Europe is now at the time of the year summer will burst out. And every year the same growing problems occur at this time, getting worse and worse every year. Summers seem to get hotter and it is time to adapt before real growing problems are there. There are a number of things growers can do but of course a good cooling system is a must. Well calculated, fitting the circumstances of your own country. But even the best cooling system will not cover everything. If we take the summer temperature last year in Holland at 42° nobody has a cooling system which will handle these extreme temperatures in our country.
If at the same moment also the relative humidity is high it is not only cooling but also the heating that counts. And that brings me to the first mistake many growers make. In summer switch of the heating system. Its hot enough outside, I do not need heating. Wrong!!!
De-humidification only works if the cooling can work in combination with a bit of heating. So, by switching of the heating the system can make the air dryer anymore. And you need dry air to cool a hot room. The easiest way to cool a growing room is to give water to the casing soil. The best way is to give many small quantities up to 2 litres. That can be evaporated again. Spread the watering over 24 hours. The dry air coming into the room will take care of the evaporation and will help cooling the growing room. Keep the casing soil wet but the floor as dry as possible. That is why I do not close the room completely if the outside is hot but dry. It is possible to use air which is much higher than the compost temperature as long as the incoming air is dryer than the air in the room.
In the mollier diagram one can calculate how much fresh air is necessary to absorb the evaporated water in the room. And for that cooling by evaporation you only need a few litres of water extra. No extravagant quantities as some growers tend to do. An extra help will be some mobile coolers on the farm. They can be placed into the room just before the heat surge is starting. The price of such a mobile cooler is a lot lower than the costs of losing a room.But in the end, judging a room is important. If compost is active and the C/N ration is relatively high one can expect activity. It is of outmost importance that cooling starts before the surge starts. Once a compost is going up it is hard or impossible to stop it.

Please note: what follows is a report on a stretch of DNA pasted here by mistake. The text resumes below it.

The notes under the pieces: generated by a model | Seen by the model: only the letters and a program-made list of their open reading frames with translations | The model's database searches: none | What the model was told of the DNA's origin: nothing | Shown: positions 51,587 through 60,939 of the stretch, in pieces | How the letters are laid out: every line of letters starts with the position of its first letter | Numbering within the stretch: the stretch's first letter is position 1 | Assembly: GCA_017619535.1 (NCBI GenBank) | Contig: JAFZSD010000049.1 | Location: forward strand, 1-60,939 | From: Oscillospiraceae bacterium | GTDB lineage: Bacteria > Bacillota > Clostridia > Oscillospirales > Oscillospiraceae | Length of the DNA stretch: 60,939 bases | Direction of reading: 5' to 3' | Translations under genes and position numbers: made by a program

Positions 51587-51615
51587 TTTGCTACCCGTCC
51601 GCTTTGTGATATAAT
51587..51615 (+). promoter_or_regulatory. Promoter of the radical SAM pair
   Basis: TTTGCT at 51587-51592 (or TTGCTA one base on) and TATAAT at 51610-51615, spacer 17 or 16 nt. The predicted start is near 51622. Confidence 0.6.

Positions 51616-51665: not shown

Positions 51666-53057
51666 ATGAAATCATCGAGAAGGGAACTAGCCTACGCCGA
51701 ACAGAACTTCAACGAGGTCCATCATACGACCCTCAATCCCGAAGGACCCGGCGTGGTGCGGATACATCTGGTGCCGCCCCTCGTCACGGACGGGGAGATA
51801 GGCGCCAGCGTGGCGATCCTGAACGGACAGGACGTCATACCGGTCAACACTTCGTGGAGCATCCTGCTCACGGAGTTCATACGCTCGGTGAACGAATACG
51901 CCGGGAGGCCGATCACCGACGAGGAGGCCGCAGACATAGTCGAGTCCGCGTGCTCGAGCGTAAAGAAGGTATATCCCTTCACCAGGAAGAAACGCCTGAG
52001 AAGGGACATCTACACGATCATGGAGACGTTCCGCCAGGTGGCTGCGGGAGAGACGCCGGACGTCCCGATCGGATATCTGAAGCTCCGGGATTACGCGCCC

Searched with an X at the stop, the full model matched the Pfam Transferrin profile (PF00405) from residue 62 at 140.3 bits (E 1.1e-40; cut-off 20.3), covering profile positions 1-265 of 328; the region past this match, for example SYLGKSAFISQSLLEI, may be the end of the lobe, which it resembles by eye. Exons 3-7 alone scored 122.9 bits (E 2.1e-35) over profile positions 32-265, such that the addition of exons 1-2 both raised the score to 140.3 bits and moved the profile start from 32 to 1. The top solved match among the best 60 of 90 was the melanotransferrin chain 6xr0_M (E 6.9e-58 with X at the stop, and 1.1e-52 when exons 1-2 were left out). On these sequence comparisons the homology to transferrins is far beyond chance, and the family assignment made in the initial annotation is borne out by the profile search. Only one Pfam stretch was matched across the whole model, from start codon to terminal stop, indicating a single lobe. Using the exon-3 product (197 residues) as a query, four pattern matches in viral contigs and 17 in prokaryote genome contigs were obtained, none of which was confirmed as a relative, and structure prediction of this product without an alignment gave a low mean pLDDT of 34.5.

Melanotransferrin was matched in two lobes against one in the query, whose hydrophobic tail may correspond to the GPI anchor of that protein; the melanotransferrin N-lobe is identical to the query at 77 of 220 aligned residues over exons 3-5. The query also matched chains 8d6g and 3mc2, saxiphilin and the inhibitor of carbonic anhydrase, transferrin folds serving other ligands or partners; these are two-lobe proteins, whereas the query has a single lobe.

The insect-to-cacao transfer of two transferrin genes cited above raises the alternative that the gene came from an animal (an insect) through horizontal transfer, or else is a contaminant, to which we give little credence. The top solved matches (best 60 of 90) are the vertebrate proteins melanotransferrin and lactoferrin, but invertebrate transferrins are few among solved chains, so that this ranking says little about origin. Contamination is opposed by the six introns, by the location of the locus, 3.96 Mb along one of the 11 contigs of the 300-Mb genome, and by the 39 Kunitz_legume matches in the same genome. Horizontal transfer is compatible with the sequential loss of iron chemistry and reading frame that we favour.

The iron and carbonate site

If you want to maintain a natural climate in the growing room during the recovery period until about five days after ventilation you should water the floor and walls of the growing room. Do this at intervals of between one and six hours. You will notice the result as a shock effect in the graph displaying the RH and growing room temperature. I will explain what is actually happening and how to avoid a shock effect.
The effects of floor humidity
If you stand in the growing room while the watering system is wetting the floors and walls you will see several things happening. The watering system contains nozzles which moisten the floors and walls with water droplets and it also creates tiny, airborne droplets of water. If you shine a torch you will see the little water droplets floating in the air. Eventually the droplets fall onto the beds and the sensors of the climate computer. This has two disadvantages:
1. Climate disruption
The water droplets which fall on the sensors are cold. They disrupt the climate, which causes a response from the computer. The effect is minimal but your aim is to keep the climate as constant as possible. This uses the least energy.
The water droplets fall on the beds where the mycelium is recovering. These water droplets disrupt pinning, resulting in cluster-shaped abnormalities which develop before the first flush.
How can you prevent this?
Make sure that there is sufficient water pressure (see photo) while the floors and walls are being wetted. In this way you prevent the droplets from floating in the air. In addition, make sure that the whole floor is wet. This approach means that the floors dry out less quickly, ensuring that the climate in the growing room is more uniform and favourable for growth.
Mark den Ouden
Live training Mushroom Signals Essentials: 12 – 16 October 2020
The e-learning course offers the theorical knowledge of the Mushroom Signals book that is necessary for the live training sessions. During live training, all participants have the same basic knowledge, so there is plenty of time to deal with individual questions. This is not only valuable for the participant but sharing knowledge between the trainer and the other participants makes the theory more relevant. The everyday practice at the composting facility and the mushroom farm of the participants will also be discussed.
Other courses in 2020: 30 November – 4 December 2020.
E-course Mushroom Signals Essentials
More info about the course see www.mushroomoffice.com